The key to losing and maintaining weight, besides knowing *how* to lose weight is the effectively address hindrances to weight loss, i.e. situations and realities that may cause a mere lapse to turn into a relapse. So below are some ways to address the potential problems I have addressed, but obviously, each person will have different hindrances to weight loss, so be creative!

Bad lunches can be dealt with by packing a lunch. Yes, it takes time and effort, but the control you have over your lunches, both in taste and calories, is worth it. To make the job easier, I suggest planning your week’s meals before you get to the grocery story, and then buying enough food to last the entire week. This way, you aren’t scrambling each night to develop tomorrow’s meal.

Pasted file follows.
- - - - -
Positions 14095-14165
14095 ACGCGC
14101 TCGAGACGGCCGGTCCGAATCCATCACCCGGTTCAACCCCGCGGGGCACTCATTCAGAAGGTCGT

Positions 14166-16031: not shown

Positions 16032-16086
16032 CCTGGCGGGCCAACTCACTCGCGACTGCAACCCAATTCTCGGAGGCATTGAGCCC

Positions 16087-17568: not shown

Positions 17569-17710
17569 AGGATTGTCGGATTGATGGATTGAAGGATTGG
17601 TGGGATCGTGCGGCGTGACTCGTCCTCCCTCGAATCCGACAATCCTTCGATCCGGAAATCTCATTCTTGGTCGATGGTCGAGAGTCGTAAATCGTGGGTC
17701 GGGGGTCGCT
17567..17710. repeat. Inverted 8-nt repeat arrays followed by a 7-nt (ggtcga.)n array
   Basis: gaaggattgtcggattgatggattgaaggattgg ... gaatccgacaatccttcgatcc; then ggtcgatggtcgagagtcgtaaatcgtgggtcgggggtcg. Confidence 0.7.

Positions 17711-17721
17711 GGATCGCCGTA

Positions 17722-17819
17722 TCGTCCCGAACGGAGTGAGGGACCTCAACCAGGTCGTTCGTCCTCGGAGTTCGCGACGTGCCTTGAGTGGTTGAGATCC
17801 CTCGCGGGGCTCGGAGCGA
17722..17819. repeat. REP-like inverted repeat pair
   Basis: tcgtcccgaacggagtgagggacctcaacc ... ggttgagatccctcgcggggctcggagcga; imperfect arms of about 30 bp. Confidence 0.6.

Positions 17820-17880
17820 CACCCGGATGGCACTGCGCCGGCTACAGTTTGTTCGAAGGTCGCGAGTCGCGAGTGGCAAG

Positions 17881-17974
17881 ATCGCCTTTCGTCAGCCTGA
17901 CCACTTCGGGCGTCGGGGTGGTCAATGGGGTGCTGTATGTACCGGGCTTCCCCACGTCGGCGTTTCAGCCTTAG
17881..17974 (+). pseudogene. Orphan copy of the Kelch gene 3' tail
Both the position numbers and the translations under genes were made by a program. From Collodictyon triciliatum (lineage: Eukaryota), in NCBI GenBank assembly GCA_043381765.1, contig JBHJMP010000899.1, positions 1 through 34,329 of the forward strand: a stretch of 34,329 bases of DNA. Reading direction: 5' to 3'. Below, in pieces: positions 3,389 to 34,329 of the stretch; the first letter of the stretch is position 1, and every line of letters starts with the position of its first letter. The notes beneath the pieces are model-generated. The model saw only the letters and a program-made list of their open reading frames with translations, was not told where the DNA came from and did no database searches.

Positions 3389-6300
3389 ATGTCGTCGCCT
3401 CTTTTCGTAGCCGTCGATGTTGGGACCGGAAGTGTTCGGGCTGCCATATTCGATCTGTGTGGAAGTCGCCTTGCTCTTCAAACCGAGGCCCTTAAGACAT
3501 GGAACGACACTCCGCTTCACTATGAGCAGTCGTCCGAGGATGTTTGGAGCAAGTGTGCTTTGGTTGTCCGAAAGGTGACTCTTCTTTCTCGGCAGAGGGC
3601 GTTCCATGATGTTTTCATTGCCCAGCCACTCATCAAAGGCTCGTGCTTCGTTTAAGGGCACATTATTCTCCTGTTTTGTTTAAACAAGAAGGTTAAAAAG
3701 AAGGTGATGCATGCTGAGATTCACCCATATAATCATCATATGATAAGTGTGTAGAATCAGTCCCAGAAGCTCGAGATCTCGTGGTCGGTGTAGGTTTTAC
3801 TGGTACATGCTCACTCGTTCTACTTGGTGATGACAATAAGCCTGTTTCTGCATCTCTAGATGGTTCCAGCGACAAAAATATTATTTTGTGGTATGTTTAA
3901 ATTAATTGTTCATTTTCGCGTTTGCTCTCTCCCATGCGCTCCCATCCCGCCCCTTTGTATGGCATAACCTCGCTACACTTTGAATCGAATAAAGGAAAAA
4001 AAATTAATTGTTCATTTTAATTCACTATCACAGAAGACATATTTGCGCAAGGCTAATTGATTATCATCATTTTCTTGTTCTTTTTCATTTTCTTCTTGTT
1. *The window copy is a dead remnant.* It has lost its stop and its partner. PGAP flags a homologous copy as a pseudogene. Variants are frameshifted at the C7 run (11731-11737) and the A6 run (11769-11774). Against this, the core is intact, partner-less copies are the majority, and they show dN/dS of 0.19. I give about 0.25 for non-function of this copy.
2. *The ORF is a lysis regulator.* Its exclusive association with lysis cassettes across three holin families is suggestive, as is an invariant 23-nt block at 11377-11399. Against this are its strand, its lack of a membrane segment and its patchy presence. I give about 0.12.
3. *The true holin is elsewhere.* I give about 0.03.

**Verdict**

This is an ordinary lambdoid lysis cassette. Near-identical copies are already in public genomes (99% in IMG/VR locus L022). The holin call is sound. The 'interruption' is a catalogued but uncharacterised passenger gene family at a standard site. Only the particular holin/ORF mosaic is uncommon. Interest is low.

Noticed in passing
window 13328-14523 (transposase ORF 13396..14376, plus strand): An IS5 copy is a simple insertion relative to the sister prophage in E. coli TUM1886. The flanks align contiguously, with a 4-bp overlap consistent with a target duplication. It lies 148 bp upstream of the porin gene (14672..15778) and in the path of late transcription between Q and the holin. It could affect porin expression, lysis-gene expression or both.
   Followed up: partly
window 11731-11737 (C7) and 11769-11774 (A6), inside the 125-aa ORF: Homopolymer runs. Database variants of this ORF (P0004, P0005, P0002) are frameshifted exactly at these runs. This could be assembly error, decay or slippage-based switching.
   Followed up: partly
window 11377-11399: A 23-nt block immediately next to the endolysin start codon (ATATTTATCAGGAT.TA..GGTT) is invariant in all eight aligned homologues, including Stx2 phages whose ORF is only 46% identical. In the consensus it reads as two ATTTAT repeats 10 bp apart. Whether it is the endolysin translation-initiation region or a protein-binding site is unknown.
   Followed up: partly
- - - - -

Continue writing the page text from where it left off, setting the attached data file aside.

Stress is rampant among all age groups. Fortunately, it is easy to deal with stress, if you are willing to try different techniques. This website has a bunch of stress relief ideas and techniques. Instead of immediately eating when you are stressed, try some of these ideas.

Social Pressure is difficult to deal with, because nobody wants to be known as the guy (or gal) who can’t ever just go out and “have fun.” First, I think it is important to realize that if being in shape means a lot to you, then you may have to sometimes not do what everybody else is doing. Fortunately, most restaurants offer healthier menu items, and if all your buddies have around is a bag of chips, then you can always limit yourself to a handful and say you just ate. Second, if you are generally doing well regarding your health plan, then allowing yourself to go off isn’t bad, and might even rev up your metabolism. People don’t get fat by going off their plan once a week; they gain weight because they go off all the time.